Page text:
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The most overused buzzwords on LinkedIn in 2013

It’s time to stop labeling yourself as “responsible,” “creative,” and “driven.” Those are the most overused words on LinkedIn profiles worldwide, according to a new list published by the company.

LinkedIn checked the profile summaries of 259 million members for English and other languages, based on 81 buzzwords that were compiled last year. It ranked the most commonly-used words for members in 20 countries.

Many of the words are overused year after year, but one seems surprising and new: “patient.” In the US, it’s used more often than “creative,” “driven” or “innovative.”

“I never expected it…in this economy, with such a sense of drive and forward movement,” said Nicole Williams, LinkedIn’s career expert and and author of several books.  (Yes, she uses expert in her profile despite its appearance on the list.) If you’re truly creative, show it and give some examples in your designs, the projects you’ve tackled, in links to your articles, she told me.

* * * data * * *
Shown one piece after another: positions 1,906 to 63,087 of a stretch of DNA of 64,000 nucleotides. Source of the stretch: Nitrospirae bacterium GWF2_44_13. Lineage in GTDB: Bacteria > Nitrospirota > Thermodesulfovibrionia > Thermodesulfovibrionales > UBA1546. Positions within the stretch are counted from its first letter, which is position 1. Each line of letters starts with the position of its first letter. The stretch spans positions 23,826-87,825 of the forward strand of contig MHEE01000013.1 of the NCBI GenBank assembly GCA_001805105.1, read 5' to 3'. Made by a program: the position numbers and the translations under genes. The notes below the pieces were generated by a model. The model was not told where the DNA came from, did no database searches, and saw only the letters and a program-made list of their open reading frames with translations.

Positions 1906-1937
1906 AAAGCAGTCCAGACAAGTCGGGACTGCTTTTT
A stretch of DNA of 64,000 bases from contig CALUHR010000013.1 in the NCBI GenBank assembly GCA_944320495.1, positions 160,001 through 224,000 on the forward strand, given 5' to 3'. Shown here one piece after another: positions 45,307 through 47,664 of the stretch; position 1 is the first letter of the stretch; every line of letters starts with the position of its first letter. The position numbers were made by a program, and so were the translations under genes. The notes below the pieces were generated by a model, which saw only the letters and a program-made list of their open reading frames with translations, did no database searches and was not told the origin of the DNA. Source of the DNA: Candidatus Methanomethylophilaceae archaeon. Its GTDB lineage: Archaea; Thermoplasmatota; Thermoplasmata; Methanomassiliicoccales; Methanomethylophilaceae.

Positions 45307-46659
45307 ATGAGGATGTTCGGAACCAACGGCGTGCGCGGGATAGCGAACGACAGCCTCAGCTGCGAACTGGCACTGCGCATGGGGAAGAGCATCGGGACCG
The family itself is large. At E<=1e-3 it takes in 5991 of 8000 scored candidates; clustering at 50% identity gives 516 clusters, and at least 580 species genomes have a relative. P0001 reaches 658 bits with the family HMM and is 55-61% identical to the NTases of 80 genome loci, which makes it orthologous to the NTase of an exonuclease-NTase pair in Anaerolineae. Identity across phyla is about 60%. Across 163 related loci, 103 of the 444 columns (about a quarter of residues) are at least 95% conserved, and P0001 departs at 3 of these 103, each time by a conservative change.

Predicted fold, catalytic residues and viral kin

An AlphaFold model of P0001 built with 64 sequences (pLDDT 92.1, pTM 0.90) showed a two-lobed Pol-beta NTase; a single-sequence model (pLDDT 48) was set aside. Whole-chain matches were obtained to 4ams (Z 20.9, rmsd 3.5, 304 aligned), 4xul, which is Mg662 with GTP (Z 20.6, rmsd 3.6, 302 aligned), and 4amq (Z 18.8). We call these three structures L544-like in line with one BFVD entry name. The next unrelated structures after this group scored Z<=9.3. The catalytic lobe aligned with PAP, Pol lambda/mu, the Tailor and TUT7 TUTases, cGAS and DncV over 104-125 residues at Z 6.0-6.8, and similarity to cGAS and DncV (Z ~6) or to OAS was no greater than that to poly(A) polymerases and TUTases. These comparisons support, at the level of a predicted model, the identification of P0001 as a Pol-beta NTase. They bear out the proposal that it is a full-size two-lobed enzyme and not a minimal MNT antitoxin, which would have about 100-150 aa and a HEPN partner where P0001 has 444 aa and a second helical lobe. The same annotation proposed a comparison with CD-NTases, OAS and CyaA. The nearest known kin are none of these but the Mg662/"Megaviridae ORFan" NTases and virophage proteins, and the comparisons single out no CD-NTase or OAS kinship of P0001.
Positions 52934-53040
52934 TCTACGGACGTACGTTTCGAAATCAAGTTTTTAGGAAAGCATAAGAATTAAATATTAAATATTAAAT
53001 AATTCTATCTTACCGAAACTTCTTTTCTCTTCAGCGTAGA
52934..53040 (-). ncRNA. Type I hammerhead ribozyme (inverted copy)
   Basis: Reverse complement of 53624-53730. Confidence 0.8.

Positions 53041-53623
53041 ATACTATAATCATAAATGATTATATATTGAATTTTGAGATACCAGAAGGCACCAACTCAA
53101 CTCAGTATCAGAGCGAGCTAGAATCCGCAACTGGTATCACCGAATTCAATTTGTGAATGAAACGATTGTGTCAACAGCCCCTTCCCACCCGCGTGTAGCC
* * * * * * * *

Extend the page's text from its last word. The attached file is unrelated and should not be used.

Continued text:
“Responsible” showed up as the most prevalent word in profiles from Canada to Singapore. “Dynamic” was a popular but shop-worn phrases in India, the United Arab Emirates, and Brazil, where LinkedIn users also milked “multinational” too often. In Australia and New Zealand, users chose “passionate” and in Great Britain, “positive” and “enthusiastic.”

Here are the 10 most overused words on LinkedIn profiles worldwide (additional years given for repeat offenders):

1. Responsible  (2012)

2. Strategic

3. Creative  (2012, 2011)

4. Effective (2012, 2011)

5. Patient

6. Expert

7.  Organizational  (2012, 2011)

8. Driven

9. Innovative  (2012, 2011, 2010)

10. Analytical  (2012)

These old overused words must have been removed from profiles because they don’t show up this year: “extensive experience” and “problem-solving” (from 2012 list); “track record” and “communication skills” (from 2011); or “motivated,” “fast-paced,” and “entrepreneurial” (2010).

Some experts say a few terms are necessary in your profile since recruiters and hiring managers use them to find job candidates.

If you’re eager to land a new gig, Williams suggested taking another tack on overused words. Find those most often used on employers’ websites describing themselves or their products.  “If you just essentially feedback what they’re essentially provided to you, they’re going to see the match. You’re definitely more likely to be hired that way.”

You can follow Vickie Elmer on Twitter @WorkingKind. We welcome your comments at ideas@qz.com.

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